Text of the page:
AgentX

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Reply #7 on: October 30, 2018, 11:38:12 am
Honestly, is anything pulling over 10 amps?  I'm running a 10a fuse and it's fine; that said I have no turn signals or pilot lights.


mrunderhill1975a

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Reply #8 on: October 30, 2018, 03:27:50 pm
How many Amps???.......I don't know for sure, but my factory wire diagram for the "99 shows a 15 fuse.  How the 30 amp fuse got in my bike is anyone's guess.


Tarnand

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Reply #9 on: November 01, 2018, 05:01:29 pm
Thank you for all the info.  Now I am going to study all of it and decide for something.  Thank you  mrunderhill1975 for pointing the fuse value.  Mine used to be ES and the 30A fuse is still there and it would probably stay that way.    ;D

P.S.  Are there any 2 way inline standard blade fuse holders available?  I think I need 2 way to be able to keep one spare fuse.  I tried to google it but I could not find any.  It is either 1 way or 4 way.
« Last Edit: November 01, 2018, 05:27:38 pm by Tarnand »
2005 KS Bullet 500cc
1994 FLSTC


mrunderhill1975a

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Reply #10 on: November 02, 2018, 06:33:00 pm


Tarnand

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Reply #11 on: November 02, 2018, 08:18:40 pm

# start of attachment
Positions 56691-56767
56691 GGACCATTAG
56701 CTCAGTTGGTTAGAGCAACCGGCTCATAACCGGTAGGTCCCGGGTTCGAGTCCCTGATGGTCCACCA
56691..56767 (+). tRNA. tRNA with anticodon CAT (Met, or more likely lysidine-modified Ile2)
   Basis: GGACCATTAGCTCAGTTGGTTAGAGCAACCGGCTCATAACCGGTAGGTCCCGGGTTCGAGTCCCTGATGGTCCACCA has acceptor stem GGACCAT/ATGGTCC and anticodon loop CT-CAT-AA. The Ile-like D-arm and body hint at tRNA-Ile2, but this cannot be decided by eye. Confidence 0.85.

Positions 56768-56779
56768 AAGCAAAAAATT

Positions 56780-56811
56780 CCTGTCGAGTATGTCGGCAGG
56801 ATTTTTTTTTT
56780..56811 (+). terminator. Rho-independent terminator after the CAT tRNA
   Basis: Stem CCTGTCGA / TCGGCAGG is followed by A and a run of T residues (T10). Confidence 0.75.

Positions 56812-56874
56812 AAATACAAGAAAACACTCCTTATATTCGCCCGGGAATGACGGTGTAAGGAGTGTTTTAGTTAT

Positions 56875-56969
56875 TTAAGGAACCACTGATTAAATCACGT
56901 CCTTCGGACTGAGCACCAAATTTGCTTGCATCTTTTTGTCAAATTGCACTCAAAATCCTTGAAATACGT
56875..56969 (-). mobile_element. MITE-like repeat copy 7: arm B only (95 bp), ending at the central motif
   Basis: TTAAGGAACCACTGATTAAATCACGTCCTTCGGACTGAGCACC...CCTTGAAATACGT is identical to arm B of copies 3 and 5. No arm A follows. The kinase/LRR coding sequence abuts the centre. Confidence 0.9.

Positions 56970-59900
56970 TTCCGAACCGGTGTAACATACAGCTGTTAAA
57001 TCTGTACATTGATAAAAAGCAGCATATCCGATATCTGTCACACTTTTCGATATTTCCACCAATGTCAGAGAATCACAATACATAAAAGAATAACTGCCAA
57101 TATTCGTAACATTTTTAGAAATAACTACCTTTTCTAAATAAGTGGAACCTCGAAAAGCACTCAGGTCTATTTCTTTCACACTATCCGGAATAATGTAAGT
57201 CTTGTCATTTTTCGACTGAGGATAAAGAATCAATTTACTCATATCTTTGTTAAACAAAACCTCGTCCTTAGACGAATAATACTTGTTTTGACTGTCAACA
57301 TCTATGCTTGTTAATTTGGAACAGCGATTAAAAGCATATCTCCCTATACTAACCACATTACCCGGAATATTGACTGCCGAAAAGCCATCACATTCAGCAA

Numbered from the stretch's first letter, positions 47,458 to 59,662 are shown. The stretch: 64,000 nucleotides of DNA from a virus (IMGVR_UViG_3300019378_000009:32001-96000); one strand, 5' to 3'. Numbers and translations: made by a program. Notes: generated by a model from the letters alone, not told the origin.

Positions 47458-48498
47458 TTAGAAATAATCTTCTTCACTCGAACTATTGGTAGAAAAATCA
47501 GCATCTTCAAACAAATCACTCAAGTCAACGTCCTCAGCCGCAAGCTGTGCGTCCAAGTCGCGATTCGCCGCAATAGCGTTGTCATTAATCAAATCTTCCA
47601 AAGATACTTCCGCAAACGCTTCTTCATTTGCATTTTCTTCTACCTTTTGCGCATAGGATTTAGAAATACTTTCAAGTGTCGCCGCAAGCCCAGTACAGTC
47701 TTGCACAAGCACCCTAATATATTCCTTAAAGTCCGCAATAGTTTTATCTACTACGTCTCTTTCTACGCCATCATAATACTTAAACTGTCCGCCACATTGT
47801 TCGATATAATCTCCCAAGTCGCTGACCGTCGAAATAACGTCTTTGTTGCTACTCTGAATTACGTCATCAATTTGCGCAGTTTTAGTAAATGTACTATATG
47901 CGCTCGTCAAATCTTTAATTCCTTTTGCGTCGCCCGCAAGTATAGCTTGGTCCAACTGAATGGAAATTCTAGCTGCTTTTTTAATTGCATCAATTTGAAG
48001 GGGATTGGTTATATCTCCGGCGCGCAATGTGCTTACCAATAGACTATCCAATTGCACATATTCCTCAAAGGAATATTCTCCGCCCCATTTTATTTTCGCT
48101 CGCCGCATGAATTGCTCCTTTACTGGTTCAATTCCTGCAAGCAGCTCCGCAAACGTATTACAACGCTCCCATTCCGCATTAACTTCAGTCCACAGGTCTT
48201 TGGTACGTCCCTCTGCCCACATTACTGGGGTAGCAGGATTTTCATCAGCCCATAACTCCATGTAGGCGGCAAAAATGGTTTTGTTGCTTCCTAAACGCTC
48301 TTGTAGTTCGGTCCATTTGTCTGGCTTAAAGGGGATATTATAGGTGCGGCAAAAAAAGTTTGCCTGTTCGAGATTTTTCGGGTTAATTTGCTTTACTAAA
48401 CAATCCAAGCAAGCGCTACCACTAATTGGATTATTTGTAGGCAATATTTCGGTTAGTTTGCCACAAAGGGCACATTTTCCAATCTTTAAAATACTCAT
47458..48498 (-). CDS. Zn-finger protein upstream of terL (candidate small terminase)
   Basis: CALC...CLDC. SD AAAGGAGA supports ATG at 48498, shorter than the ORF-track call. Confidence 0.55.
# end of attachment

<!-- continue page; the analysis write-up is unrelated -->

I found these but there is no room for a spare.  Maybe I just should buy two of them and use the other as spare fuse holder?   ;D
I would very much use the standard auto fuse as these they sell at every gas station.

https://www.ebay.com/itm/Waterproof-10-15-20-30A-Amp-In-Line-Stanard-Blade-Fuse-Holder-Fuses-Car-Auto-New/372134695292?var=641008026870

« Last Edit: November 02, 2018, 08:21:21 pm by Tarnand »
2005 KS Bullet 500cc
1994 FLSTC


tooseevee

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Reply #12 on: November 03, 2018, 06:50:31 am
I am not aware of any inline blade fuse holders.  The only inline holders I am aware of are barrel type fuses, see link below:


          Inline blade fuse holders are available all over the place. I replaced the glass fuses on my '08 years ago with blade type.

           Just Google "inline blade fuse holder".
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c1skout

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Reply #13 on: November 04, 2018, 12:53:18 am
I bought a Hozan P707 crimper from Amazon, and a variety of terminals from Cycleterminal. I'm happy with all of it. I've used the regular bullet, blade, and ring terminals, also some deustch and amp style with the crimper so far. I'll second the recommendation of using marine wire, much nicer for motorcycle work than the stuff you get at the auto parts shop.